Dr John Campbell from the Department of Physics and Astronomy recounts a particularly memorable moment during the 1970s about the VC (at the time) and the testing machine.
In 1978 the Civil Engineering department began installing its state-of-the-art testing machine. It cost $275,000 (today about $2,000,000) and a formal ceremony was planned for its first test.
Elena Trout, a Civil Engineering student, thought some theatrics were also warranted. She approached a good friend, Steve Krenek, a PhD student in upper atmospheric physics with a theatrical bent. He agreed. After the speeches, when the Vice-Chancellor pushed the button to initiate the first test there would be one hell of a bang and smoke everywhere.
Elena took Noel Prebbles, the Chief Technical Officer in the department, into her confidence. He and Steve worked through the details. To avoid an instant laundry problem and/or a simultaneous heart attack, she also visited the VC to forewarn him. The key person not forewarned was Nigel Priestly, the academic in charge of the machine, on the grounds that he would never allow the stunt had he known.
Below the machine passed a large duct in the concrete floor, for pipes and wires. Into this was placed a small plastic bag, containing the correct proportions of acetylene and oxygen for the bang. For the smoke, a can containing blasting powder. The duct was covered with steel plates. In Steve’s words “I was a bit concerned that the force of the acetylene blast might fire a plate or two into the air and cause some damage or injury, but being a young male at the time, I thought a bit about it and decided we should take the risk”.
On the 2nd of October 1978, Steve entered the duct and crawled unseen to where a motorbike battery and wires, around the corner at a respectful distance, connected to the electrical igniters. His cue to set off the igniters was on hearing the hydraulic motor start up. This motor compressed or stretched the sample as the case may be.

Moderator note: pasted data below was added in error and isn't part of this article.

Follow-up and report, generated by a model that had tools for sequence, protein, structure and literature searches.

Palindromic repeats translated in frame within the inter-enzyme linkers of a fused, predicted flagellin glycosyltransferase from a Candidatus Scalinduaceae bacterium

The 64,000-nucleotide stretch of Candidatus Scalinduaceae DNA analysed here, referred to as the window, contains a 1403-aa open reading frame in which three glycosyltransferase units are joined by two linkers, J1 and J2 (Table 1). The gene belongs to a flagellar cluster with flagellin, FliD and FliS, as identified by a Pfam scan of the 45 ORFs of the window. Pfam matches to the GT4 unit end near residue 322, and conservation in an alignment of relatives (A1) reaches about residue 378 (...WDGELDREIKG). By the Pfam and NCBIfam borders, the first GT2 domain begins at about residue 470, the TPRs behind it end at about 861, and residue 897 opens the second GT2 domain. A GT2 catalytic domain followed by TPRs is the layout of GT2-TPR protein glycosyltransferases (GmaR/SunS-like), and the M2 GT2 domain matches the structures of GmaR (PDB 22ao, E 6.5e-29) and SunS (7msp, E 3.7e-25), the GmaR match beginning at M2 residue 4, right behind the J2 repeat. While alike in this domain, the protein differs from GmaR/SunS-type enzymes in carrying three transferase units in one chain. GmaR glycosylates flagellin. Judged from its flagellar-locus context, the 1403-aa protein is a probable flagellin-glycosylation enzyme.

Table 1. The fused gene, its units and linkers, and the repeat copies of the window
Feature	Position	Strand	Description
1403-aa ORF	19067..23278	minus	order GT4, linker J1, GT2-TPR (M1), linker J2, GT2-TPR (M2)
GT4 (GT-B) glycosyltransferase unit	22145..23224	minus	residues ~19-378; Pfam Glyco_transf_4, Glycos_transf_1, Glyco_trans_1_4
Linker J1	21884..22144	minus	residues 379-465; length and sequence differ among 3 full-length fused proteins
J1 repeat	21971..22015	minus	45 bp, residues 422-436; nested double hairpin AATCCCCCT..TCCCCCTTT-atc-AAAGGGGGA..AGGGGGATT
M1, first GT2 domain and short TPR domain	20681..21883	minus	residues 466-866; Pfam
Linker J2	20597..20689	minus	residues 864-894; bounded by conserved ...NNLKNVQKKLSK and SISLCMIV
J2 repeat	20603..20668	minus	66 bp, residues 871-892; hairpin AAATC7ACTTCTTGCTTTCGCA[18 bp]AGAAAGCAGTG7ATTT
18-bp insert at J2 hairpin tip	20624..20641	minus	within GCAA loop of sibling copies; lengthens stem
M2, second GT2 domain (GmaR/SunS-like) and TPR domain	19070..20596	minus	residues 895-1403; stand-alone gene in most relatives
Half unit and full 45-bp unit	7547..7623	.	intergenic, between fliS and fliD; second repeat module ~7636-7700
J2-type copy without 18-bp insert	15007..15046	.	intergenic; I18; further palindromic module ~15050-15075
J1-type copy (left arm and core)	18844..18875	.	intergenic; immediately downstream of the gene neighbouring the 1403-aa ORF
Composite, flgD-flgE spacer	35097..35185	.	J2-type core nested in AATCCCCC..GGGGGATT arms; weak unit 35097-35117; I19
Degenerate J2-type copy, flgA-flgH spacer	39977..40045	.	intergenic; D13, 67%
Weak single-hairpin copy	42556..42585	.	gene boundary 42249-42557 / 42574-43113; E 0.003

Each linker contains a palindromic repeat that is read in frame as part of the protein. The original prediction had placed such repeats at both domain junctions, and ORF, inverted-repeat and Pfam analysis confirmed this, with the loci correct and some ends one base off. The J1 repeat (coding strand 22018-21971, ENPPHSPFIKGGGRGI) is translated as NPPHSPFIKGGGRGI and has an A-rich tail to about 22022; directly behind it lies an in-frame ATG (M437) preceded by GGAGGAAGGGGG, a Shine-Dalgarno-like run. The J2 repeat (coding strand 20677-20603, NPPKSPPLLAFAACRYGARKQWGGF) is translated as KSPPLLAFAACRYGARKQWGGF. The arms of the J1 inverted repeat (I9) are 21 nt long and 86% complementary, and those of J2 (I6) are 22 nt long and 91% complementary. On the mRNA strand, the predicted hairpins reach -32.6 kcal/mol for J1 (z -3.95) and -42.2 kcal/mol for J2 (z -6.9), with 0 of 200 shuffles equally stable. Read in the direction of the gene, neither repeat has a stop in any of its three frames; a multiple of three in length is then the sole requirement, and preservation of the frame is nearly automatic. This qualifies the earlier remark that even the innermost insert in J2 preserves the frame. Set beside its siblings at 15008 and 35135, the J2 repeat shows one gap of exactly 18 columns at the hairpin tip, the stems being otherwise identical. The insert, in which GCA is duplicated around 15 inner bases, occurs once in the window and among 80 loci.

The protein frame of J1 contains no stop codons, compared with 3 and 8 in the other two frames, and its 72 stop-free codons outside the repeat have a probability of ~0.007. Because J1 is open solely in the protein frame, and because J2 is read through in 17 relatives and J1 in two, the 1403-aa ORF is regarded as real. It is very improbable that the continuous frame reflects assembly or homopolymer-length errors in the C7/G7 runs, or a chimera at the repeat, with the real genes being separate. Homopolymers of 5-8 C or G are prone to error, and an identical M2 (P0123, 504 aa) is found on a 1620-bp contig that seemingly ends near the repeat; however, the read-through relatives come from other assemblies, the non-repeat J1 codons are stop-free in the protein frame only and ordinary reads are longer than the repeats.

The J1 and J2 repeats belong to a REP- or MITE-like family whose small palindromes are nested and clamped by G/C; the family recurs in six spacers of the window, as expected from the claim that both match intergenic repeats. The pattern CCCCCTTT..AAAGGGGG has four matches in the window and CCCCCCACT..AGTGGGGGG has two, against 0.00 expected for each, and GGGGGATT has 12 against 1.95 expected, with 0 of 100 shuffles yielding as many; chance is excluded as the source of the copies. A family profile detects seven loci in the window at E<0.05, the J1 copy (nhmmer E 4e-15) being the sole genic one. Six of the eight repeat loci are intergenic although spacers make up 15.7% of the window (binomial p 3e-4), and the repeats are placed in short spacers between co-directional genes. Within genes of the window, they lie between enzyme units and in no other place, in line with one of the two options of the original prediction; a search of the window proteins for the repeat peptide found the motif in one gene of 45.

The Vice-Chancellor, Bert Brownlie (the last of our academic vice-chancellors), stepped forward and pushed the starter button. A second later, as Steve’s hand was still moving towards the igniter switch, the motor stopped. Inadvertently, Burt had pushed the Down button rather than the Up button so the safety limit switch quickly turned it off. (Bert was an economist, not an engineer.) Steve had an agonising delay until the motor started again. This time he allowed three seconds before connecting the wires.
The effect was spectacular, as planned. Nigel Priestly went as white as a sheet, but fortunately the technician had thoughtfully stationed himself at Nigel’s side, and in a hoarse stage-whisper was heard repeating, “It’s all right Nigel… It’s ALL RIGHT, Nigel…”
Steve swept up his gear, backed out of the tunnel, and made his escape. Bert was OK. Probably it was Nigel who had the instant laundry problem.
Elena Trout graduated M.E (Civil) in 1979. She has held leadership roles in transport, infrastructure and energy companies and has had significant experience in management, planning and delivery of major projects. She is today an independent company director and is also the current President of the Institution of Professional Engineers of New Zealand.
Steve Krenek’s Ph.D. thesis hand-in (1978) has gone down in University history as the most spectacular ever (see Chronicle Oct 1978). Being forewarned, I was an eye-witness to that. Steve and Anthony Lealand, our lecture demonstrations technician and later the Lucifer Firework Company and today the Firework Professionals, were noted for their fantastic stunts organised for various university events, most notably “The Science Fiction Night” in 1977. Steve went to England to work on designing satellite-based electronics for the European Space Agency. In 1983 he returned to Christchurch where he now works for Streat Instruments. Truly one of the department’s great characters.